National anthem excludes half the population

There are times when it is prudent to stand on guard to protect tradition, but other times when the old guard needs to be replaced…

There are times when it is prudent to stand on guard to protect tradition, but other times when the old guard needs to be replaced to reflect our country’s evolving history and social development. A group of prominent Canadian women have launched a new campaign to introduce a more gender-neutral version of our national anthem.

A website – — will go live this week, with endorsements from former prime minister Kim Campbell, author Margaret Atwood, Senator Nancy Ruth and Sally Goddard, mother of Nichola Goddard, the first female Canadian soldier to be killed in combat. She died in Afghanistan in 2006.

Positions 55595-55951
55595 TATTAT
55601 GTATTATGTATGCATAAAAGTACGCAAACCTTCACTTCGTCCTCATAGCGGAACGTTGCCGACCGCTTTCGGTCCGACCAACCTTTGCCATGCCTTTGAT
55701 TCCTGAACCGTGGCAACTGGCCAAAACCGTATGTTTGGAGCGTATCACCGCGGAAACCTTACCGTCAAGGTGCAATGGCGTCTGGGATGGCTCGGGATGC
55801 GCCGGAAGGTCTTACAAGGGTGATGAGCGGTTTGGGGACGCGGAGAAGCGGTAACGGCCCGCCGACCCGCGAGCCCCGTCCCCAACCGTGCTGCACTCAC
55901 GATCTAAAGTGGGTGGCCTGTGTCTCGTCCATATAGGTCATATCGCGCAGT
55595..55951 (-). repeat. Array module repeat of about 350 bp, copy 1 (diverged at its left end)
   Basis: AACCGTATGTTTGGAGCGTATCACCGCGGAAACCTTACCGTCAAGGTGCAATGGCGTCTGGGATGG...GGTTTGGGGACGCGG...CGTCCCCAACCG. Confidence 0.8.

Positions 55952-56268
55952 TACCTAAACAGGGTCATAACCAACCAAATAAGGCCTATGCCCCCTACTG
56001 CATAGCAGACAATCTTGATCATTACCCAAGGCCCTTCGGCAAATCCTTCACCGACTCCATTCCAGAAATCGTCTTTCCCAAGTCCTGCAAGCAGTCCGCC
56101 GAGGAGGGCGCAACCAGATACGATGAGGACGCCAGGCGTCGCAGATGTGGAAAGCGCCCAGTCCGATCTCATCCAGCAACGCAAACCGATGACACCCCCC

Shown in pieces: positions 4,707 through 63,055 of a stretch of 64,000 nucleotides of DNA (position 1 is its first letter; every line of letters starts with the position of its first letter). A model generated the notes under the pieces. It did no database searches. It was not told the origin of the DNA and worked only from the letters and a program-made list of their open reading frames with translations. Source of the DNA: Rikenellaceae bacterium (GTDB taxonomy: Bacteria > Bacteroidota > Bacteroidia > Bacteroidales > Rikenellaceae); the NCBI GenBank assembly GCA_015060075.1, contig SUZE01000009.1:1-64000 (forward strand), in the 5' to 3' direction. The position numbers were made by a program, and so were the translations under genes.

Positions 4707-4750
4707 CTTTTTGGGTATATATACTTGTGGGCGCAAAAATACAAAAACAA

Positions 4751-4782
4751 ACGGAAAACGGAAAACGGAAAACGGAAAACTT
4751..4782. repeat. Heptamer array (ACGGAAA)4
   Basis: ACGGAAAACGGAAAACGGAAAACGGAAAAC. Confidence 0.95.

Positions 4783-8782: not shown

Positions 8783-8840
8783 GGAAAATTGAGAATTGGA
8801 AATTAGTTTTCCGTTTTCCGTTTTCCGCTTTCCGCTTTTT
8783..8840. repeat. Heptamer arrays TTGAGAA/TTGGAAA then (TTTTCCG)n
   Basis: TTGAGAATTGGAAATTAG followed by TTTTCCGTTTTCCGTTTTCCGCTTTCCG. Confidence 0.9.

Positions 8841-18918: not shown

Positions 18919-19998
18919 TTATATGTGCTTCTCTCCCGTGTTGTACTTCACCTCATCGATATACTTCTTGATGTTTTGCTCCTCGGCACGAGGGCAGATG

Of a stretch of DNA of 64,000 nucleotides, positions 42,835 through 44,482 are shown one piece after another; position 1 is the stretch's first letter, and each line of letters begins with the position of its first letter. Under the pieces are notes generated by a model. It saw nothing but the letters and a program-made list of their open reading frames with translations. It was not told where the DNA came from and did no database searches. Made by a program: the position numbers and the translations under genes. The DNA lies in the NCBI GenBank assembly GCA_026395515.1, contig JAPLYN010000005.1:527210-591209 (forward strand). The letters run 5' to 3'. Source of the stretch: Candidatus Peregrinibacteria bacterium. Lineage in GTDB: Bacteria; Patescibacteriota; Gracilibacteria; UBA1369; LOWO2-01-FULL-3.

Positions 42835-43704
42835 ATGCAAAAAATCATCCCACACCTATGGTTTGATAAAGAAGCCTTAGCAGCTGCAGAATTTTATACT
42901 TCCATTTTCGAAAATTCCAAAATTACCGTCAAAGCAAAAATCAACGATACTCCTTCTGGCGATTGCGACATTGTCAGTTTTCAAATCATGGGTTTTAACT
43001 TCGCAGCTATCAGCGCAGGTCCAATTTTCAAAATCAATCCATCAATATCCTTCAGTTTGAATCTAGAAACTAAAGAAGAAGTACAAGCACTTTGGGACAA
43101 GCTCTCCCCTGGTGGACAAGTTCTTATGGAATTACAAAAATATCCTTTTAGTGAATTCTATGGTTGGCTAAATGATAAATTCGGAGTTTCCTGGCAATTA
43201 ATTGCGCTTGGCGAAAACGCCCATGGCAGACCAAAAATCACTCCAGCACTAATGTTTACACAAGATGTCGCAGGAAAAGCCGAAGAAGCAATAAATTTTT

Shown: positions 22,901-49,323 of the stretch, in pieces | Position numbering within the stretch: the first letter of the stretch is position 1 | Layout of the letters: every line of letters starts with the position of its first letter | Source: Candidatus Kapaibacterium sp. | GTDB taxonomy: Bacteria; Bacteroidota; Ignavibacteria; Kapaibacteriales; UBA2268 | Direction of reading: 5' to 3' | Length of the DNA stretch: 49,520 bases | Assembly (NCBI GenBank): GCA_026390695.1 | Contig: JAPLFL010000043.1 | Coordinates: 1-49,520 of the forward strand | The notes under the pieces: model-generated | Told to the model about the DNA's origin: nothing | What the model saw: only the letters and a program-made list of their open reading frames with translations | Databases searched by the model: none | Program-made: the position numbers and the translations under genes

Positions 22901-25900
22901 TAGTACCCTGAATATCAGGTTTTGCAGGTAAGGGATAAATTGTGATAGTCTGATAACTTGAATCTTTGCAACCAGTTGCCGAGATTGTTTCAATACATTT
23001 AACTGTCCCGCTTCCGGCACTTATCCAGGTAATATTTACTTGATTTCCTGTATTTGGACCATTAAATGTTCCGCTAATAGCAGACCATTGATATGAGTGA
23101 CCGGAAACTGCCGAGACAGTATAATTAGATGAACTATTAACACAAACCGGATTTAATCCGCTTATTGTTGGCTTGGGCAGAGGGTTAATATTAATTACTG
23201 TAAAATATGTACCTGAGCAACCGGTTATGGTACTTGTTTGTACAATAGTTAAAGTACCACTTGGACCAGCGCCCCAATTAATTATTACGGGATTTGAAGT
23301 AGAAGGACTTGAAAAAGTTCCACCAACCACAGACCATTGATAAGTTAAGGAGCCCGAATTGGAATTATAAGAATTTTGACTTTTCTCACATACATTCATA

The campaigners are seeking to have Robert Stanley Weir’s O Canada lyric, “in all thy sons command,” replaced with “in all of us command.”

They argue that these words more closely reflect the original English lyrics that Weir altered, “in all thou dost command,” to more gender specific words before the First World War – at a time when men, and only men, were being asked to put their lives on the line for their country.

While there are some who would argue the wording change is an insignificant item that has been exaggerated out of proportion, there can be no doubt that the meaning of words matter. And as it stands now, this particular wording in our anthem – the powerful musical expression of our supposed collective national identity – clearly carries sexist connotations. For as noted on the website, whenever it is sung, half the population is effectively excluded.

The anthem should reflect the values which Canadians respect, and a cornerstone of these values is equality among citizens.

A change in our anthem is not unprecedented and rightly reflects the contributions of both genders to our nation.



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